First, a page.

Digital camcorders for every budget.
Finding the Best Digital Video Camera: Entry-Level ($600-$1,100)
Digital cameras enter the market at around $600. Samsung's SC-D80 lists for just $599. Sony produces cameras in a transition format called Digital8 that use Hi8 tape stock but record a digital video signal, the TRV240 ($600) for example. Entry-level Mini DV camcorders are not any more expensive, however, and unless you have an archive of analog Hi8 tapes, you might want to consider Mini DV. Entry-level Mini DV units are sure to sport plenty of automatic controls, like auto focus and auto iris, in addition to laying a visually pleasing picture to tape. Even the most basic DV camcorders are capable of quality videography. And since the Mini DV format is all-digital, every camcorder in this category records video and audio in a format that can be edited on a computer without translation.
Finding the Best Digital Video Camera: Mid-Level ($1,200-$2,400)
At the next level of sophistication and price are Mini DV camcorders that start at around $1,200. These single-CCD units are incredibly popular for vacation videos , family events and other types of typically non-commercial video production. Yet, in the hands of a serious videographer, they are often fully capable of professional work.
As you move up the price scale with a single chip Mini DV camcorder you'll find three causes for the increase. First, the units will typically get smaller and smaller. Some of them are so small and unobtrusive that it is a snap to toss them in a small bag and tote them along wherever you go. Mid-level Mini DV models are small in size, but they have a large feature set. When you look at two cameras with similar features at two very different prices, you might find that the more expensive camera weighs in at less than a pound (the lightweight Samsung SC-D590, at $1,299, for instance) while the less expensive camera might be nearly three times as heavy.
Second, there are more bells and whistles, some of them useful, some of them less so. While digital sound effects and infrared night mode might have their uses (and they sure are fun), not everyone needs them. An increasingly more important feature may be the ability to take quality megapixel digital still images and save them to a memory card. At $1,699, the Canon Optura 200MC is a fine example.
The third reason for slightly higher prices is more advanced manual controls such as white balance, exposure and shutter speed, offered by camcorders like the $1,500 Panasonic PV-DV852.
While it's true that a single-chip camcorder won't typically produce a picture that can compare to the quality level of it's more expensive three-chip cousins, camcorder manufacturing technology has advanced to the point where - when you pay attention to proper lighting - even a modestly priced single chip Mini DV camcorder will produce a professional picture. Just don't tell the pros we said so.
Finding the Best Digital Video Camera: High End Three-Chippers ($2,500-$5,000)
At the top of the camcorder pyramid are today's utterly amazing three-chip digital camcorders. Packed with three imaging chips, one for each color, and other state-of-the-art technology, these incredible devices are fully professional and surprisingly affordable when compared to truly professional gear. The choice of wedding and event videographers as well as corporate and commercial producers, some models in this class are used to shoot feature length movies and network news reports. The quality is astonishing.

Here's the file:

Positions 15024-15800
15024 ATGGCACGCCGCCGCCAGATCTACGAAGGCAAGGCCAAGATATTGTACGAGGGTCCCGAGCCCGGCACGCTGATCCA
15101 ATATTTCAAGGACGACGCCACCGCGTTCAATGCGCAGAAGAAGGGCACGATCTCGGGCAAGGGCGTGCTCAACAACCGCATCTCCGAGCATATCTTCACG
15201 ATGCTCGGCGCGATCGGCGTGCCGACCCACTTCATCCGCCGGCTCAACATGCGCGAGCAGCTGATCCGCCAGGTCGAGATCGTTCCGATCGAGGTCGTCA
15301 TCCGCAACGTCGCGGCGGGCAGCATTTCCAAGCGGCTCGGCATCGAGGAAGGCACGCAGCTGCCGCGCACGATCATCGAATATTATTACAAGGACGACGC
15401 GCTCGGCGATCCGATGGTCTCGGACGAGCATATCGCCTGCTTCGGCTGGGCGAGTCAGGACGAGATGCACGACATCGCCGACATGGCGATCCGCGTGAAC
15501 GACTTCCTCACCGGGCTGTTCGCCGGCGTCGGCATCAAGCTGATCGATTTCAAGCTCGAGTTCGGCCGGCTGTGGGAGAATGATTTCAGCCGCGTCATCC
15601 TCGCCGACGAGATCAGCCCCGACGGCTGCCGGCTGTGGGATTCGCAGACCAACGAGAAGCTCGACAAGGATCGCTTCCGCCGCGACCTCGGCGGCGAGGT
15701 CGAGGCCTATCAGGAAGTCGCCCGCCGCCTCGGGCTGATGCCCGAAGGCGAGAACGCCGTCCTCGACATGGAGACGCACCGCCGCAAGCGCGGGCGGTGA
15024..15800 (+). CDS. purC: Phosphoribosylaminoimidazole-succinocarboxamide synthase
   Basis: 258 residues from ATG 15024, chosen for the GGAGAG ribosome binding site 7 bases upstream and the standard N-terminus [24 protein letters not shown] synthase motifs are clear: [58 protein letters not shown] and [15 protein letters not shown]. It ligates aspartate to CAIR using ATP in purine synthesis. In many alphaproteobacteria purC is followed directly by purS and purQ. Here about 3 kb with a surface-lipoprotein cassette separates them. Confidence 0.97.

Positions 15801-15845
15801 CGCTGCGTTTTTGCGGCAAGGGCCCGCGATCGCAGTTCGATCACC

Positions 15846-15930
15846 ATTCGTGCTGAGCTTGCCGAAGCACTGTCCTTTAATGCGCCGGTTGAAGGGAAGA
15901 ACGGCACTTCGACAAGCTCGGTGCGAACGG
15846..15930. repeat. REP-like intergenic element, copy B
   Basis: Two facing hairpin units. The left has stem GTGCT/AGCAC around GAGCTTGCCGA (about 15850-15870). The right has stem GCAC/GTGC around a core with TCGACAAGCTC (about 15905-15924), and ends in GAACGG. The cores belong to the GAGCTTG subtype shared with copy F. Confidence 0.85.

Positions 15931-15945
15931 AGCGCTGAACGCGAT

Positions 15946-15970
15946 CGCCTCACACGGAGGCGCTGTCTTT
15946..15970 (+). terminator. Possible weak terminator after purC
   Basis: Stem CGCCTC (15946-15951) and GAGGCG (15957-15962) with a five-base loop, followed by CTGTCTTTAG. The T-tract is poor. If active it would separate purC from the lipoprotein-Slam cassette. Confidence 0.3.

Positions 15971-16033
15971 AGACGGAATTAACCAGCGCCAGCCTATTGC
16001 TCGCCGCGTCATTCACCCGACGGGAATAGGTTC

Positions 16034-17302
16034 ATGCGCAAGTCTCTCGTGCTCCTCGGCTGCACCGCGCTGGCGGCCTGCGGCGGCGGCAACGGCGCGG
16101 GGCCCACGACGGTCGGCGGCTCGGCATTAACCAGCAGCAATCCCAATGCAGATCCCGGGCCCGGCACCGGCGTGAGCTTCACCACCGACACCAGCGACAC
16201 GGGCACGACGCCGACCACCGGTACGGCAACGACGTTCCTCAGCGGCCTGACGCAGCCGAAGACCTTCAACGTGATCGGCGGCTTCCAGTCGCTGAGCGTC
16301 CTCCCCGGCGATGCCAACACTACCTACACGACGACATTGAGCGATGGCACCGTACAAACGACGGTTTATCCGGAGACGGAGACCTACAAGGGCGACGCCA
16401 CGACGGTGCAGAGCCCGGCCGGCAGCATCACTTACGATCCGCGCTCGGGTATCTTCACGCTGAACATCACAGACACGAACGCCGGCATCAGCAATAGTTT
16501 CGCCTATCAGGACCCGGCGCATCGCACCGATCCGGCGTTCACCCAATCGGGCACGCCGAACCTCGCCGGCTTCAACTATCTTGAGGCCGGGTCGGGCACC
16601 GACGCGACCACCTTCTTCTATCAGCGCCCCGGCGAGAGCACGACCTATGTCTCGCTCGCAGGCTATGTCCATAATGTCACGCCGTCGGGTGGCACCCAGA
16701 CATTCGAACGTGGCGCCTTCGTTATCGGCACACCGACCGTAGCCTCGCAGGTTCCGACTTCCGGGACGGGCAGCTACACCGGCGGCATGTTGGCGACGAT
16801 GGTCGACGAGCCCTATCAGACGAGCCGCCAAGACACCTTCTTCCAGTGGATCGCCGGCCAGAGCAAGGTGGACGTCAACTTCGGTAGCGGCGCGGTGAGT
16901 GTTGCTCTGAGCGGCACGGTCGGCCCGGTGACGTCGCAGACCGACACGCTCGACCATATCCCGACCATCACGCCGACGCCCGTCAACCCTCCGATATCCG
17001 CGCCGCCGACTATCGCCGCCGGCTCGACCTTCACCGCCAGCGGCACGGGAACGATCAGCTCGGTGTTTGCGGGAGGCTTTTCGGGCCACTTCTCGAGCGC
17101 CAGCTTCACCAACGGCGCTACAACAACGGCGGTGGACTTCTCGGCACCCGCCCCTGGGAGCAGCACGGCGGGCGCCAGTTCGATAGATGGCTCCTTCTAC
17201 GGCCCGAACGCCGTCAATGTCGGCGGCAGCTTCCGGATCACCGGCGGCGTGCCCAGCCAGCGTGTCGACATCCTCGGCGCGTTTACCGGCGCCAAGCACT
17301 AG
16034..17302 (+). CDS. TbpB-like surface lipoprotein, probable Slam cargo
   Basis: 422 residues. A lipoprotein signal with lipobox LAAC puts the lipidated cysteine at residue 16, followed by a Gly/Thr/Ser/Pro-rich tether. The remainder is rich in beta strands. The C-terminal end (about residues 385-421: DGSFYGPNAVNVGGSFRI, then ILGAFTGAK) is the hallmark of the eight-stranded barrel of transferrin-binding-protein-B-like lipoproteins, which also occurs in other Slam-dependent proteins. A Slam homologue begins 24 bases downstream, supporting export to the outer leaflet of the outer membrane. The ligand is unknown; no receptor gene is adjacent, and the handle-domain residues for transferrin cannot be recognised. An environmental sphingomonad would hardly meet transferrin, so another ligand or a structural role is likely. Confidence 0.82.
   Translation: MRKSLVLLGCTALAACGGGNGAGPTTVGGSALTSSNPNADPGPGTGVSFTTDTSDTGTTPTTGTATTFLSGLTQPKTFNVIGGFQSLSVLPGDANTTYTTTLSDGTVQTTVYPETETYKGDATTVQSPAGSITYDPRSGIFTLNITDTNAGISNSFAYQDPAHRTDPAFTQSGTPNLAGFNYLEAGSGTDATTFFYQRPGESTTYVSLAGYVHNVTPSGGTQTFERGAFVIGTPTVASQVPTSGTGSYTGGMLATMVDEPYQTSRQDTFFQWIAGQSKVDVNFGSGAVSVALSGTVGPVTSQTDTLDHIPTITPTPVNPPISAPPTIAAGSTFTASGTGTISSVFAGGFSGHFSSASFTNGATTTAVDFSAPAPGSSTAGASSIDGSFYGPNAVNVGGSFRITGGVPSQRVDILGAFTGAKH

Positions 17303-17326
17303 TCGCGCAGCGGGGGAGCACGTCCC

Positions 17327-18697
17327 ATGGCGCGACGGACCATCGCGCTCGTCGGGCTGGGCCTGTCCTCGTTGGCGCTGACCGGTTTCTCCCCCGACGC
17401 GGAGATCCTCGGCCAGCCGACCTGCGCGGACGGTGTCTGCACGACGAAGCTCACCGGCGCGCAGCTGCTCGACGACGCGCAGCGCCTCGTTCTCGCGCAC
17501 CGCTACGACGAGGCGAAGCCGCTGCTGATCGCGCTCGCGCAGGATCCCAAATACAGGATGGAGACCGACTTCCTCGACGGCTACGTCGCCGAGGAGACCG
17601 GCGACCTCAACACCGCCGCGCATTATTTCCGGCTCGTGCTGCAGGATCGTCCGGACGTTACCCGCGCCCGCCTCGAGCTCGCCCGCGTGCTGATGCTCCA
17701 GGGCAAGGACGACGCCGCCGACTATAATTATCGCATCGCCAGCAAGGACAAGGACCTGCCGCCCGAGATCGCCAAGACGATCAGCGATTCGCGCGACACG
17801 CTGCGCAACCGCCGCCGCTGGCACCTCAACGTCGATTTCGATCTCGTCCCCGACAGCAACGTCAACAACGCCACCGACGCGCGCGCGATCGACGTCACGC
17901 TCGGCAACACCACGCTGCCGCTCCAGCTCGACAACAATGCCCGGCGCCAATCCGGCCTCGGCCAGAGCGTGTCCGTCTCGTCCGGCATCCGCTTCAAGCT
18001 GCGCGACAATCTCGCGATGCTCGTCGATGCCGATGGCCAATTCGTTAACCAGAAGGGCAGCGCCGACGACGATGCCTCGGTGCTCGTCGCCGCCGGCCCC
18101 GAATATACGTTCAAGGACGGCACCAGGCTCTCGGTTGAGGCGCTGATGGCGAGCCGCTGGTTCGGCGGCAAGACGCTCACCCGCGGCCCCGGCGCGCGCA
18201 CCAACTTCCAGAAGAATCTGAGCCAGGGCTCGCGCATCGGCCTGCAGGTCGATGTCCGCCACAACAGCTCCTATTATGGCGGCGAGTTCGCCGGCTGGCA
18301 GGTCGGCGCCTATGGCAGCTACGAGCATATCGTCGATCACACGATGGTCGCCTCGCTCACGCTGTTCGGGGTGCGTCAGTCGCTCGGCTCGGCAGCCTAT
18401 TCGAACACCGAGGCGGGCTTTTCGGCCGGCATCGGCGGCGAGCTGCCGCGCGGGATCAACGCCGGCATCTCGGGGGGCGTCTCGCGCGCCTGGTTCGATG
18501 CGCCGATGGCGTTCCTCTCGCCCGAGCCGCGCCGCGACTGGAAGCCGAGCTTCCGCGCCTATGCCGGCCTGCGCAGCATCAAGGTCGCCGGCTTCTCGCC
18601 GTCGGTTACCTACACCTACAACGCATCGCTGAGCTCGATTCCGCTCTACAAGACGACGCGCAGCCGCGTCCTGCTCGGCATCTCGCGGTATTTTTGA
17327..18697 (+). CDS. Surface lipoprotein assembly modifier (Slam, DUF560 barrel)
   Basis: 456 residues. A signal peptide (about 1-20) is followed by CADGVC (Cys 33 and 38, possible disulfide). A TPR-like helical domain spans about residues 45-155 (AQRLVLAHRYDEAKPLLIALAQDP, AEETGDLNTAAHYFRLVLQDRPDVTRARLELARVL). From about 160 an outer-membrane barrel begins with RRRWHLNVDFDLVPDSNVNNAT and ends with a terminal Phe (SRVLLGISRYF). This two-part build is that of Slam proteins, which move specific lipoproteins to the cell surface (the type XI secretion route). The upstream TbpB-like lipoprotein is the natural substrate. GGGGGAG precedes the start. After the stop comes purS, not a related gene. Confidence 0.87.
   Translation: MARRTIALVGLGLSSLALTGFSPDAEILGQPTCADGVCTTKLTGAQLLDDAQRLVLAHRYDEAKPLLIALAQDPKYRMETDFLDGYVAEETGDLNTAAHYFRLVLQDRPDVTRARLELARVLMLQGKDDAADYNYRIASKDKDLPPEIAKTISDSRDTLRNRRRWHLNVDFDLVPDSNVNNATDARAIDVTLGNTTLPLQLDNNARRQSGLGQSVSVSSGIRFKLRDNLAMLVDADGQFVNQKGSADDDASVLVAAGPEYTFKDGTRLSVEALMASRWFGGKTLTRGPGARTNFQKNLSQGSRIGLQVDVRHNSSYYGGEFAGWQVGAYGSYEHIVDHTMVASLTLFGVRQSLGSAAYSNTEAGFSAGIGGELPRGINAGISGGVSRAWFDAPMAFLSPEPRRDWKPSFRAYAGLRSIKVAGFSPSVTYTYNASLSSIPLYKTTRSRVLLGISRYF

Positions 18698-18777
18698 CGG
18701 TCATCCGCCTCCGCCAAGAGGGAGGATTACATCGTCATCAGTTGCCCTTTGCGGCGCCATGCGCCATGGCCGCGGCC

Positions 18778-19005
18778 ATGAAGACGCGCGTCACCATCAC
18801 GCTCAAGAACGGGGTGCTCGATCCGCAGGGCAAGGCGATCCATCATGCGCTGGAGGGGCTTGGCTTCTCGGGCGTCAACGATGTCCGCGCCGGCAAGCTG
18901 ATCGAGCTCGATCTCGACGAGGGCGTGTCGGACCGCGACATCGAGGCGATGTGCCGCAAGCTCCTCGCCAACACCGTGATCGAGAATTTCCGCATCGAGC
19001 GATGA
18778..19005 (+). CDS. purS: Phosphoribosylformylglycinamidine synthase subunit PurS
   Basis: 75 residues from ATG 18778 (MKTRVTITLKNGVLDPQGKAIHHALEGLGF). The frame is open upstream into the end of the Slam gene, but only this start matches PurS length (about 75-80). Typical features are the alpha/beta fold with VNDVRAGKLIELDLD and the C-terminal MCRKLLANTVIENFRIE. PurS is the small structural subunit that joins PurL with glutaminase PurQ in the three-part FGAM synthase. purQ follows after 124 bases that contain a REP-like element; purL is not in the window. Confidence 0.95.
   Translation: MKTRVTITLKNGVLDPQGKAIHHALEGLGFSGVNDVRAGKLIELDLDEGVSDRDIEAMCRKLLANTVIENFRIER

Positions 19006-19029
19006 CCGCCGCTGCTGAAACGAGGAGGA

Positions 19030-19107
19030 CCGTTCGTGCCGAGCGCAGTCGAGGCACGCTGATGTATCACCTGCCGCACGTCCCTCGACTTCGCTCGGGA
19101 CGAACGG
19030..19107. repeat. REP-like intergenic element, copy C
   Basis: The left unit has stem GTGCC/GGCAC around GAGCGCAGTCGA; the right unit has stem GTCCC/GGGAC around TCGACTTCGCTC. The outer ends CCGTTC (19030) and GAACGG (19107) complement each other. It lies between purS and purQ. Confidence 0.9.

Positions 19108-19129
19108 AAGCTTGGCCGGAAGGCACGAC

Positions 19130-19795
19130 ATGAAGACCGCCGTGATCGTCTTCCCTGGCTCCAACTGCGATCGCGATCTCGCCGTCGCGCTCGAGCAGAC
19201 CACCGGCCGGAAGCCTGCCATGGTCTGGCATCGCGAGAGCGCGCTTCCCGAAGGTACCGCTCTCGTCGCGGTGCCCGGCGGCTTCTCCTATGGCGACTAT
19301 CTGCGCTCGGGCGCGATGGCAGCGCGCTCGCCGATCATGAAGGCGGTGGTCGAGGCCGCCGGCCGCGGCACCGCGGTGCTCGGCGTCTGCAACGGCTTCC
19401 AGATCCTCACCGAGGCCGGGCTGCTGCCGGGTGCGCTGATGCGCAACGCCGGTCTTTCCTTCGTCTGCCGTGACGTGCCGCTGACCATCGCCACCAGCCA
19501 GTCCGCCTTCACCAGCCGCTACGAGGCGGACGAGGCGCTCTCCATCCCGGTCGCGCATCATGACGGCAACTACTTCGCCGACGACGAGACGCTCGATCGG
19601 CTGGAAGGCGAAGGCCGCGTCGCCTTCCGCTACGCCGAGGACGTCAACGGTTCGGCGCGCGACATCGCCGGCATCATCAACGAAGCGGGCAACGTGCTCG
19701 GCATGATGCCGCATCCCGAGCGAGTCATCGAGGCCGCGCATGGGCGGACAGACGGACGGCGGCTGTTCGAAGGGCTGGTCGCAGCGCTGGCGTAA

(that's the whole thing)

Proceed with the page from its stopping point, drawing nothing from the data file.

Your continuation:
At this level, manual control is the name of the game. The variety of professional features on the Canon XL1S ($4,699) include XLR microphone inputs, manual audio level controls, precision manual focus controls, aperture control, manual shutter speed and interchangeable lenses.
The Panasonic AG-DVX100 ($3,795) records 24 progressive frames per second, like film, to facilitate the transfer of the images onto celluloid (provided you also have the thousands of dollars necessary for the transfer). There are models that wirelessly send pictures via infrared to set top receiver or using Bluetooth networking (Sony TRV950, $2,500). JVC's Streamcorder (GY-DV3000U, $4,635) provides users with direct Internet access to stream video live from the camera to the Web as they shoot.
The bottom line for the camcorder shopper is that there are more features and choices packed into today's camcorders than ever before. Examine your needs and learn what you can find at each price break. We're sure you'll be able to find the best digital video camera to fit both your needs and your pocketbook.
Comparative Shopper's Grid
For a comparative listing of features and prices of current DV camcorders, pick up a copy of our December 2002 issue, or visit www.videomaker.com.
Mini DV used to be the final word in digital video and, while the market is still dominated by DV, there are a number of other serious digital formats available. MPEG-2 video, similar to what you might find on a DVD or in satellite-transmitted video, can be recorded directly to DVD disc by some camcorders. Sony has also developed it's own compressed format called Micro MV (Sony IP220, $2,000). At this time, MPEG-compressed video falls solidly in the consumer video category, but the quality is still high, and the features are pretty amazing.
You may also find video cameras that record extremely compressed video to memory cards, but these devices capture short postage-stamp sized clips and are not in the same class as the other cameras discussed here.